The story of an unknown man
This is a continuation of excepts from Harry Nicholson’s excellent book, Tom Fleck. –Jeff Guenther
Read Part I
Introduction: “Tom Fleck is partly a response to the flush of novels about Tudor royalty. I feel small connection with those great lords and their ladies; I sense more kinship with the lives of ordinary folk. So I’ve imagined the lives and adventures of unknown men and women, people without heraldry, people who left no marks of their passing except for the blood that flows in our veins.” –Harry Nicholson
More Fragments of Tom’s world:
Tom is with his father, about to dig into a burial mound on the Cleveland Hills: Continue reading
Today’s guest poster is Harry Nicholson. I met Harry on Goodreads and was very impressed by the quality of his writing. And his poetry. And his artwork. The following post showcases his evocative prose, selections from ‘Tom Fleck,’ a novel. –Jeff Guenther
The story of an unknown man.
Tom Fleck Amazon Link
Introduction: “When I was tapping out Morse in the pitching wireless cabins of tropical steamers in the 1950’s, story-telling was not in my mind. A career in television studios might have brought it about – thirty years working with stories in pictures soaks the mind with images. These days, in a valley below the moorlands of North Yorkshire, I have more time to imagine at leisure. My first tale is about a humble farm labourer and his struggles to be free in Tudor England.” Continue reading
The Glassblower, by Petra Durst-Benning, is a little slow to get into, but the story of the Steinmann sisters and their struggles in glassblowing soon drew me in. With the death of their father, Johanna, Ruth, and Marie have lost their last parent and their income. Life becomes frighteningly uncertain, and the young women face near-starvation. Continue reading
by Dolores Davis
Once there was a raven couple that followed Woman on her morning walks, because she fed them from a bag of treats. He was stout, with a hooked beak and a bold presence. She was smaller, cautious and demure. Woman named them Continue reading
Announcing the 8 Great Storytellers Second Annual Halloween Issue & Short Story Contest:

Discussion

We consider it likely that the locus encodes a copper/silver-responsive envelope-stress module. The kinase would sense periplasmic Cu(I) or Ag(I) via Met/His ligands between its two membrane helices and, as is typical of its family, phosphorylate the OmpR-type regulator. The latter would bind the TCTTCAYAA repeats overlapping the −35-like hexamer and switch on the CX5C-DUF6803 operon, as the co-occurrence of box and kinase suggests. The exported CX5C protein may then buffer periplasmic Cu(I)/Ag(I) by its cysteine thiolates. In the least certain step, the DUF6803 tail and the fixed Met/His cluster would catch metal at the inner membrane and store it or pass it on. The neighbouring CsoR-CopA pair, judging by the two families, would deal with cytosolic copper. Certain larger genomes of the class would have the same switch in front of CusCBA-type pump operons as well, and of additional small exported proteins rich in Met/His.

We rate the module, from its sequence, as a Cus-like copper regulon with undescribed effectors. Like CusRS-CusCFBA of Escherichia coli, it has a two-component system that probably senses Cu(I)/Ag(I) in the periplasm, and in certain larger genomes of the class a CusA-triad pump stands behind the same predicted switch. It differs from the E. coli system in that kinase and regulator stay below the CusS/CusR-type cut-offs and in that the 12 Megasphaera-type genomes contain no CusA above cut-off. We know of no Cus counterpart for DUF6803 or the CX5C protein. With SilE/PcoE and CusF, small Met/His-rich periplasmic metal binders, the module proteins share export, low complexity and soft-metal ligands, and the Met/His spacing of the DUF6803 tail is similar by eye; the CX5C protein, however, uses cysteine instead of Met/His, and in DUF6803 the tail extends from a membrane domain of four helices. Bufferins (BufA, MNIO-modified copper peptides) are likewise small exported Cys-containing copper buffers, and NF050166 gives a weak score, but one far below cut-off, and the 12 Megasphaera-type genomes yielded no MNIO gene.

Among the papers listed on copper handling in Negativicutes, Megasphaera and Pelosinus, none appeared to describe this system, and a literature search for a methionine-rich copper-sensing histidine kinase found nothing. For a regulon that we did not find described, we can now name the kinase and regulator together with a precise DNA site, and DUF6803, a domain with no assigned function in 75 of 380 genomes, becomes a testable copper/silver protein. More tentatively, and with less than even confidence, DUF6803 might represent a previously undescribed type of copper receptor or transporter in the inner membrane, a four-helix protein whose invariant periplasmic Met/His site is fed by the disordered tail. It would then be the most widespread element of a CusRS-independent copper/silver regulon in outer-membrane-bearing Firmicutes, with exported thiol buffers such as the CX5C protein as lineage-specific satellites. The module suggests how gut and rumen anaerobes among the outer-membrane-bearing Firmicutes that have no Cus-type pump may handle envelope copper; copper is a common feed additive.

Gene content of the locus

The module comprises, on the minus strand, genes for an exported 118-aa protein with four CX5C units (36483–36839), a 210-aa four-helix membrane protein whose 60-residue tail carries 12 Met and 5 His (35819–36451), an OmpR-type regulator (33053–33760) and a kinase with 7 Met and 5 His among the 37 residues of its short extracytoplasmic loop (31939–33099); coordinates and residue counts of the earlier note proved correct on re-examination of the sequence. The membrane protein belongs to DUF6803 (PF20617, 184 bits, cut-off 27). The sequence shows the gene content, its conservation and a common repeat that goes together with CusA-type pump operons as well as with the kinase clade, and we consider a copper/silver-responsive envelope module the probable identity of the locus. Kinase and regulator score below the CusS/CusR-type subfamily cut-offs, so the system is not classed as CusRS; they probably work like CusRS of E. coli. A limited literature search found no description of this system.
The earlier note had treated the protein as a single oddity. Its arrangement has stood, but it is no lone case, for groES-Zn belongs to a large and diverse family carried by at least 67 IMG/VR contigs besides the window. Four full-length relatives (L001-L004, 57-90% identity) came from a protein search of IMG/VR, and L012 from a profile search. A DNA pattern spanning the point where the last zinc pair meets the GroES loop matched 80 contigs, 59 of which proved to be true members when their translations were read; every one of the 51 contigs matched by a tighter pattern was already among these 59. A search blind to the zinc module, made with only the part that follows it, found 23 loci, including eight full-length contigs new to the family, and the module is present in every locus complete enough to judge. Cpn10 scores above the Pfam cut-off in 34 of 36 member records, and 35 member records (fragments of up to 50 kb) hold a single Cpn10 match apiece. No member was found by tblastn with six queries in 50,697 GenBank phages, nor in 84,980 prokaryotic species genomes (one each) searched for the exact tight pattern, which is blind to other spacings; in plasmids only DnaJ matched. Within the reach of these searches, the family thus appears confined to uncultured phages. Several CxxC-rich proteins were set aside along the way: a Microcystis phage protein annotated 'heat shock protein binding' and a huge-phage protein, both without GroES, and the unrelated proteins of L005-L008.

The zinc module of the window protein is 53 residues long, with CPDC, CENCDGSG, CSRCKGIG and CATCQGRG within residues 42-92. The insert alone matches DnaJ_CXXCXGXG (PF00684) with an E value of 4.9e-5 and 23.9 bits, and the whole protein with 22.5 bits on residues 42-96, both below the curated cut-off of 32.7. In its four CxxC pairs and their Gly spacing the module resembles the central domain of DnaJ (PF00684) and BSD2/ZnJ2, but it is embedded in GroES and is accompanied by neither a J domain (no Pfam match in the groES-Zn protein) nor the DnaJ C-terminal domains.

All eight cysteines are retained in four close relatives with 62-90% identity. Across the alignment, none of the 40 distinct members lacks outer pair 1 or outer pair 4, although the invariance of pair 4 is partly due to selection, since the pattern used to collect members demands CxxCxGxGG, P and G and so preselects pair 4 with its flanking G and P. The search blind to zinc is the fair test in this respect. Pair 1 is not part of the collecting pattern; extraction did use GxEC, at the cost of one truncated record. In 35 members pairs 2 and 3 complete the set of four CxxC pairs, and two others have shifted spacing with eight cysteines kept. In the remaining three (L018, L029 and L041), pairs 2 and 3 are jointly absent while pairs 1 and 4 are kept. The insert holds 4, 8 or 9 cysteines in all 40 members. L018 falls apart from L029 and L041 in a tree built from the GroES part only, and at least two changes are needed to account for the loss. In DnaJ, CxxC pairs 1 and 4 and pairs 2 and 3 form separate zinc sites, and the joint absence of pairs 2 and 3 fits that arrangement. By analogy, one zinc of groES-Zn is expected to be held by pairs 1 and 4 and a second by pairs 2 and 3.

Send us your original, unpublished Halloween stories. There is no fee, but entrants must be followers of 8 Great Storytellers’ Blog in order to win a prize. All entries must be received by October 19th. Winner will receive a $20 gift certificate and publication on our blog. Second and third place entries will be published. “Honorable mentions” will be listed, but not published. Read all the rules
Spotted by James Flaherty:
“His brow was dark and thick; his jaw was sturdy and resolute. It was a face, thought Ogilvy, that had been built to take a punch.” –from The English Spy, by Daniel Silva
Today, the 8 Great Storytellers address the last question about Writer’s Block:
D: How do you get in the mood to write?
What’s all this nonsense about “mood?” If you sit around and wait for the inspiration muse to flutter by, you may write, but you’re not a writer. Writers, like ditch diggers. get down and slog Continue reading
Red sun blisterin’ hot, dryin’ out morning dew. No money till pickin’ time. Plastic sheets coverin’ sulfury-smellin’ dirt, screechin’ underfoot. Findin’ her place, bucket in hand. Endless rows of plump fruit fixin’ to swamp her. Mr. C. livin’ in her head, pushin’. “Hey, girl, you late. No profit in dallyin’. Finish yer row, have somethin’ special for ya tonight.” Seen Mr. C’s special before; not bitin’ today. Continue reading
Some time ago she read of a woman who could read the newspaper through her fingertips. Amazing, if true, she thought she wondered if she could duplicate the feat. Starting with the newspaper seemed much too daunting. Even a book seemed too much of a hurdle. She would start with a deck of cards.
After shuffling the deck three times — just to get the feel of things — she laid the deck face down on the table and slid off the first two cards. Which was the higher? She pressed the fingertips of her right hand, first on one; then on the other; then back to the first one again. It had to be the card on the left. She was sure of it. Continue reading